The GJEPC dialogue session with the banking industry aims to mitigate concerns & regain trust for the sector

The paper will aim to address critical banking issues like assessment of credit limit, collateral security, related party transactions, inventory avluation , subsidiary financing guidelines and more.

: IJ News Service
02 May 2018 4:58 PM
Reference: 11319

The white paper titled “Diamond Financing 2018 New Challenges”, compiled by GJEPC in consultation with Gems & Jewellery industry and top banking lenders offering solutions to mitigate the fallout post-scam, to ensure we embark as an industry on the journey towards self regulation and ensure good promoters continue to get credit.

In light of the present scenario, the white paper focuses on key challenges faced by the bankers in financing the gems and jewellery industry and how to address them. It has put across GJEPC and trade members views on critical issues like reduction of credit limit, collateral security, related party transactions and valuation of stock and that this be noted and informed to the government, Reserve Bank of India (RBI), Export Credit Guarantee Corporation of India (ECGC) and other concerned authorities.

Mr. Pramod Agrawal, Chairman, GJEPC said, “The banking seminar gives us a joint forum to regain trust and ensure all bankers have a profitable experience in lending this trade. Under the aegis of Hon’ble Commerce and Industry Minister, we expect a large participation from both the banking fraternity and Gem & Jewellery industry. The White paper will be historic for any industry and will play a critical role in creating an enabling environment for this labour intensive sector going forward.

The gems and Jewellery industry in its journey towards self-regulation has an underlying responsibility to earn back the trust of the banking industry. “In that journey a joint seminar with the government, banking fraternity and the industry is the ideal platform to help mitigate the risks of our lenders. GJEPC has worked on a white paper that would address and find solutions to specific issues like assessing working capital limits, collateral security, related party transactions and the valuation of stock, said GJEPC Vice Chairman, Colin Shah. The white paper has requested bankers not to reduce their current credit limits as this would further hamper and erode the exports of the country and hamper employment.

“Downgrading of the trade will further lead to spiking up costs such as interest, processing fee, which is financially not viable as gems and jewellery is a LABOR AND WORKING CAPITAL INTENSIVE INDUSTRY with low margins. The banks should look at the performance of the company and its business model. Besides, a credit risk investigation team should be set-up to track and provide intelligent information from the trade members, which can then be used by the bankers to take informed credit decision,” the white paper states In order to facilitate exporters and insulate against foreign exchange fluctuation, the Council has proposed working capital limit to be assessed in dollar terms in line with RBI circular of September 2013. The Council has also proposed to provide critical data analysis and meeting between Council, bankers and trade members once in a quarter.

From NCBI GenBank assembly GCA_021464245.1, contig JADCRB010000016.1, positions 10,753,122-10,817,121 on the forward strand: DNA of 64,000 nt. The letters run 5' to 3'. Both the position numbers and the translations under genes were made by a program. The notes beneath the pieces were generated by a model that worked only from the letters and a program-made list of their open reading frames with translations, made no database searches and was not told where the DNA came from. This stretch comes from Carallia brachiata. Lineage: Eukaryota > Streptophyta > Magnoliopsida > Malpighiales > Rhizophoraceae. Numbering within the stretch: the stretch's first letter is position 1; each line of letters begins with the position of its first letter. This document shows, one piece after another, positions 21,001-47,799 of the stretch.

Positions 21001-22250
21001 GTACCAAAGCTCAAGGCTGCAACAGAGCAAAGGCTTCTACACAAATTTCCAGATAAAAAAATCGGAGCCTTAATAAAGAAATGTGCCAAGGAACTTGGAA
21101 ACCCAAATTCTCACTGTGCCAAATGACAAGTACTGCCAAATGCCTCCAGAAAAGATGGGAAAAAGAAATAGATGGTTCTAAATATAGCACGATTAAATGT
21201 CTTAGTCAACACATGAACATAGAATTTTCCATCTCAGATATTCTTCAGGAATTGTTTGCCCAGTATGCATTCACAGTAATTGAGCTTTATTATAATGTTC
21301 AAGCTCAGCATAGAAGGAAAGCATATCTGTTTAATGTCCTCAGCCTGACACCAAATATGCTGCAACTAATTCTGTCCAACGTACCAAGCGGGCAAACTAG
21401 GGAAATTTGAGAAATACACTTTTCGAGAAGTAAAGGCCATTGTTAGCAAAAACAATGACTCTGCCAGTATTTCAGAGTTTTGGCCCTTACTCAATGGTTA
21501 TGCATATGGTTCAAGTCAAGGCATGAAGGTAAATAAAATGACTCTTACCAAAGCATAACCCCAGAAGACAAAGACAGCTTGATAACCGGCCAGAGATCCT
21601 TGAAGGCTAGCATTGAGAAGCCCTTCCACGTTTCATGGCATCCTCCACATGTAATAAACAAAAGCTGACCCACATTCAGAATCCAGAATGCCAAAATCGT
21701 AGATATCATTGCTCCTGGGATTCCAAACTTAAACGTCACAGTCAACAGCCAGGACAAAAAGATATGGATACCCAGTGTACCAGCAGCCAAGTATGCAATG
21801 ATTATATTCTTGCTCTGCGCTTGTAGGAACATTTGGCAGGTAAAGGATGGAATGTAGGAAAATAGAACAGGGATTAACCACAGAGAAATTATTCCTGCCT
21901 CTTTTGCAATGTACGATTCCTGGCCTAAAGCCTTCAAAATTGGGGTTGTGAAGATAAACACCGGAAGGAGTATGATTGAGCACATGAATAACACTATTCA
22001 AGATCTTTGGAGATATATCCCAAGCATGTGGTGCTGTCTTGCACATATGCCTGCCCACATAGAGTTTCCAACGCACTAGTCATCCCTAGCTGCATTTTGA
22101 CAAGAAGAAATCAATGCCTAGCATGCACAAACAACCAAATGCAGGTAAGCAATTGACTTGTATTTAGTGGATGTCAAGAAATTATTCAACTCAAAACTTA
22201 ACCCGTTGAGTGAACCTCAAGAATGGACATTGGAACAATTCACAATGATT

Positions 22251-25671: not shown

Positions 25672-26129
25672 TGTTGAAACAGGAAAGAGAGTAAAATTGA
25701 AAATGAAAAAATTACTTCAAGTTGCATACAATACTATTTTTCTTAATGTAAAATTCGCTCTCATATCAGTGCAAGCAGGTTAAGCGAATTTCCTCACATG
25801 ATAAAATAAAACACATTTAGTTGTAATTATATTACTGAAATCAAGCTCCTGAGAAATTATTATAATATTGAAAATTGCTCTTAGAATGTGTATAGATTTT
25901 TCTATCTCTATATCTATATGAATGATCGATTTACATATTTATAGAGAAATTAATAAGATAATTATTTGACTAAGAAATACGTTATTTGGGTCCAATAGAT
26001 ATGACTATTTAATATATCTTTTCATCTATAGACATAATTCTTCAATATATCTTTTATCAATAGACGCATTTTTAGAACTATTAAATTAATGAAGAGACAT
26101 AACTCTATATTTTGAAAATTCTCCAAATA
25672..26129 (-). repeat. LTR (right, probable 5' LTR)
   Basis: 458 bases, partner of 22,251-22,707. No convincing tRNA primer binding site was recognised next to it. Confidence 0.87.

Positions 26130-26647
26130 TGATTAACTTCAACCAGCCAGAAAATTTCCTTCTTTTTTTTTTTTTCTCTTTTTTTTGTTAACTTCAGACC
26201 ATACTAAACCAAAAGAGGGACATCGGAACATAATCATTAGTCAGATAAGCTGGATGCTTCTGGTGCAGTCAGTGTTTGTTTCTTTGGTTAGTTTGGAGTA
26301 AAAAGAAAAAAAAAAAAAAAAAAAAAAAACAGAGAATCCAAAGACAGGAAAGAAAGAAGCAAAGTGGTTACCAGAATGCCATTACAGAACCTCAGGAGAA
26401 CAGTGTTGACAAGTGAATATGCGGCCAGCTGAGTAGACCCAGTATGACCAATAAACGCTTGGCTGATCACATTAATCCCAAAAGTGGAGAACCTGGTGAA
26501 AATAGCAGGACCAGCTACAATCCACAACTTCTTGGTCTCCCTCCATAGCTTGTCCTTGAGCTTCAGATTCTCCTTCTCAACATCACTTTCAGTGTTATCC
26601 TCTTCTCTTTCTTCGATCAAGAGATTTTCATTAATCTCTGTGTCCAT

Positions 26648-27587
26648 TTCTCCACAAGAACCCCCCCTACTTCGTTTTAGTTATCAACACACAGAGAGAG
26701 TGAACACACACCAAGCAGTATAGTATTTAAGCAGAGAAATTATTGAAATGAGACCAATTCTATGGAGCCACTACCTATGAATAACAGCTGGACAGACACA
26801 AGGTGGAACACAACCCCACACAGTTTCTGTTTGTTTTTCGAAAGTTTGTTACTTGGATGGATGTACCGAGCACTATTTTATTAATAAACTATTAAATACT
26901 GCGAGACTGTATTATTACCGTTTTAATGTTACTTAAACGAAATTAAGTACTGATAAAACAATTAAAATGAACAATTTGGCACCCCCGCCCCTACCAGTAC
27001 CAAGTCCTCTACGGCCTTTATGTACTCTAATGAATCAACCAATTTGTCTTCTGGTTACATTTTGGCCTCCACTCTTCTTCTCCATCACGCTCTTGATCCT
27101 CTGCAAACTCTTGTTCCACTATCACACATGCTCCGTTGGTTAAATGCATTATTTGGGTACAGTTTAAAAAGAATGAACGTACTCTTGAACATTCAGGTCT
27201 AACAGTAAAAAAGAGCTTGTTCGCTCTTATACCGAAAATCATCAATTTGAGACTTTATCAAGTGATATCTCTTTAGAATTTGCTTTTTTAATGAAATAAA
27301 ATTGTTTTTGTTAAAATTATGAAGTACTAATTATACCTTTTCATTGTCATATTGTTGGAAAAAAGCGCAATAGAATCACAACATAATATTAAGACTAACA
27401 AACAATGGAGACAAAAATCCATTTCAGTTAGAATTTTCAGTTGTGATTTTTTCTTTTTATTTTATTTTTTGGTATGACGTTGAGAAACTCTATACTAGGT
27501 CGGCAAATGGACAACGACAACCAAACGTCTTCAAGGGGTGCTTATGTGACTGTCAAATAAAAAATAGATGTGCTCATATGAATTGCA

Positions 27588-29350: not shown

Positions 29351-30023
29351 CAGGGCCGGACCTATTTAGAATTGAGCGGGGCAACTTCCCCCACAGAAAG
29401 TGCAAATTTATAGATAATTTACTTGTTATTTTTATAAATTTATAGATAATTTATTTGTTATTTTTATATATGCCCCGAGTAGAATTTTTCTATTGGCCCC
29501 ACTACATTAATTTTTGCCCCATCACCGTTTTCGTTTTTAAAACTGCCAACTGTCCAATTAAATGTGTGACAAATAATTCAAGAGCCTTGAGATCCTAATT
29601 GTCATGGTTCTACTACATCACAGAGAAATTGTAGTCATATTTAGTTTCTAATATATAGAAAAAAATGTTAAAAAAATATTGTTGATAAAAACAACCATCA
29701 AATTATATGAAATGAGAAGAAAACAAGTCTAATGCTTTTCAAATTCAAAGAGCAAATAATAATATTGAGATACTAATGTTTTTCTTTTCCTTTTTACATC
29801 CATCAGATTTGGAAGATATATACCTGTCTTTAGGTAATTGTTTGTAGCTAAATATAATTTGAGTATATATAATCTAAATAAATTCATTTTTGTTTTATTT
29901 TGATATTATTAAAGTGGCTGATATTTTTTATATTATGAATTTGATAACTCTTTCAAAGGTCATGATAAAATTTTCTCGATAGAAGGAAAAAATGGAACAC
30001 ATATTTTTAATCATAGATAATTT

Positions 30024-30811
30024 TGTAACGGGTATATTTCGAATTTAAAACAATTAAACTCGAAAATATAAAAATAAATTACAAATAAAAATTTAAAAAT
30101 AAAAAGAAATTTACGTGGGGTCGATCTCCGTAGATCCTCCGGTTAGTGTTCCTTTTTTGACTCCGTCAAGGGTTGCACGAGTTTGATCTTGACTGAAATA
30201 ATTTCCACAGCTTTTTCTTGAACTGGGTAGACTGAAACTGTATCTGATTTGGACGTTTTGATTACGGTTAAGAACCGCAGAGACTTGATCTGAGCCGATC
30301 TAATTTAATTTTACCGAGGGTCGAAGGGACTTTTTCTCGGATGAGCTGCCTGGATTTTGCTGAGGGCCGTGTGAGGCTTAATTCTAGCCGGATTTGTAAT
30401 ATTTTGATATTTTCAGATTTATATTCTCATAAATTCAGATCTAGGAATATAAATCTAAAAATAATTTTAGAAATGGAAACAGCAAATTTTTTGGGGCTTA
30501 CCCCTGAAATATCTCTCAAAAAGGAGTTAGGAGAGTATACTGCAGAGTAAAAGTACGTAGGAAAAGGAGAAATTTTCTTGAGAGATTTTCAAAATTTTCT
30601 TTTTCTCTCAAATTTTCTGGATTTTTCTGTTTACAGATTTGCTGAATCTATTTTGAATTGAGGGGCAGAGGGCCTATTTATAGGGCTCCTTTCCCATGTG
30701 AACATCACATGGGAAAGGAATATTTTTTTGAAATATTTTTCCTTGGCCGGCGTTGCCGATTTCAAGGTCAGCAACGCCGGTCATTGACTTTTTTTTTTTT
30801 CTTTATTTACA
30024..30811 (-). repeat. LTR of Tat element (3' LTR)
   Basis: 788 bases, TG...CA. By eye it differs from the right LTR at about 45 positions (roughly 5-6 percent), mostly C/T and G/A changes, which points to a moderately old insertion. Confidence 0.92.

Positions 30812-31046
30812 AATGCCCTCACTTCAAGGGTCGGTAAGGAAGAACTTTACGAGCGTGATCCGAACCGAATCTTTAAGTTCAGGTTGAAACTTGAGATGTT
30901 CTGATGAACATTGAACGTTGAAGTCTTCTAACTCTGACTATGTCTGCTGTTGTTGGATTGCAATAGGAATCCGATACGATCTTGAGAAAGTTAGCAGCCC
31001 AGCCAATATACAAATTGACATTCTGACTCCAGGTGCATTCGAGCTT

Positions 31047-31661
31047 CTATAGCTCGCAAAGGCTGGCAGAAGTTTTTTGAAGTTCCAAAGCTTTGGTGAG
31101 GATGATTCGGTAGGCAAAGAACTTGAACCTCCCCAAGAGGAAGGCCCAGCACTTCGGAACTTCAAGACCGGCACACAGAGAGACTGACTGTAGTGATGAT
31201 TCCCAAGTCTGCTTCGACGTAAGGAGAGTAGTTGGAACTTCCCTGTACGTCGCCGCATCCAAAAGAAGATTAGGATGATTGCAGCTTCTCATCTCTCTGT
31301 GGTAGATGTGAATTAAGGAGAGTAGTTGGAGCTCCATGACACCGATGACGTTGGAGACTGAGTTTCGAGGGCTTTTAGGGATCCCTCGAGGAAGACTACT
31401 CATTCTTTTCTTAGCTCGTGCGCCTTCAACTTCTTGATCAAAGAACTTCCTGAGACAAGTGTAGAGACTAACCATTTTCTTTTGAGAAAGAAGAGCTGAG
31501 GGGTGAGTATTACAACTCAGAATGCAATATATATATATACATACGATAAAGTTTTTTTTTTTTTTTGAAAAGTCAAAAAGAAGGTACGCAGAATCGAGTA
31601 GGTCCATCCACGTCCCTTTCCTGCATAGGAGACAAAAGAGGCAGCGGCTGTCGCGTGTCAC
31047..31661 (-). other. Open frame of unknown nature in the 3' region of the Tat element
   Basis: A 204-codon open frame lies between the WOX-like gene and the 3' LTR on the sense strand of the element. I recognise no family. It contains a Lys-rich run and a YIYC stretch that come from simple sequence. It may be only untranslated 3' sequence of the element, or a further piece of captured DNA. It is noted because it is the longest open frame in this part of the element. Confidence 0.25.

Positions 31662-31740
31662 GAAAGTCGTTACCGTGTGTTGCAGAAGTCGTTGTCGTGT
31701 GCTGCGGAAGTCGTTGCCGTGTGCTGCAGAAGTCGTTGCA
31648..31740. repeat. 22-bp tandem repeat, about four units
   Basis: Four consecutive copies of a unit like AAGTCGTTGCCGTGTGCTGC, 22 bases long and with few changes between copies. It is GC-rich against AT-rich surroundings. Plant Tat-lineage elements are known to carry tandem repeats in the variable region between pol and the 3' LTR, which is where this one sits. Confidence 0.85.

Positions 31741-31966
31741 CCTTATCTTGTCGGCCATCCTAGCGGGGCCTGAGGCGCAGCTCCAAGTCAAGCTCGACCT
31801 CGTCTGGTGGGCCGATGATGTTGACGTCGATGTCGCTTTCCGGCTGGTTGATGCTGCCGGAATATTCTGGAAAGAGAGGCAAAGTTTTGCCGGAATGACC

It also intends to take up advance remittance and its likely misuse with the RBI, mandatory registration of all members to register under My KYC BANK, which will help banks establish genuineness of the members. Bankers will be given access to this GJEPC PORTAL, the white paper says. The council has proposed Collateral Security based on a company’s credit rating. Besides banks can find a fair resolution as successfully done recently in case of a recent insolvency and form A regulated arbitration body consisting of GJEPC, Bharat Diamond Bourse (Mumbai-based world's largest diamond bourse, BDB) and bankers for dispute resolution.

On Related Part Transactions, the Council has proposed to send goods directly and documents come later through the bank for acceptance. Banks have been requested to consider waiver for certain companies based on their creditworthiness and performance. Similarly, and most importantly on stock evaluation, Council proposes for at least one valuation in a financial year by external independent valuers besides adoption of IFRS or accounting standards and system audit be encouraged.

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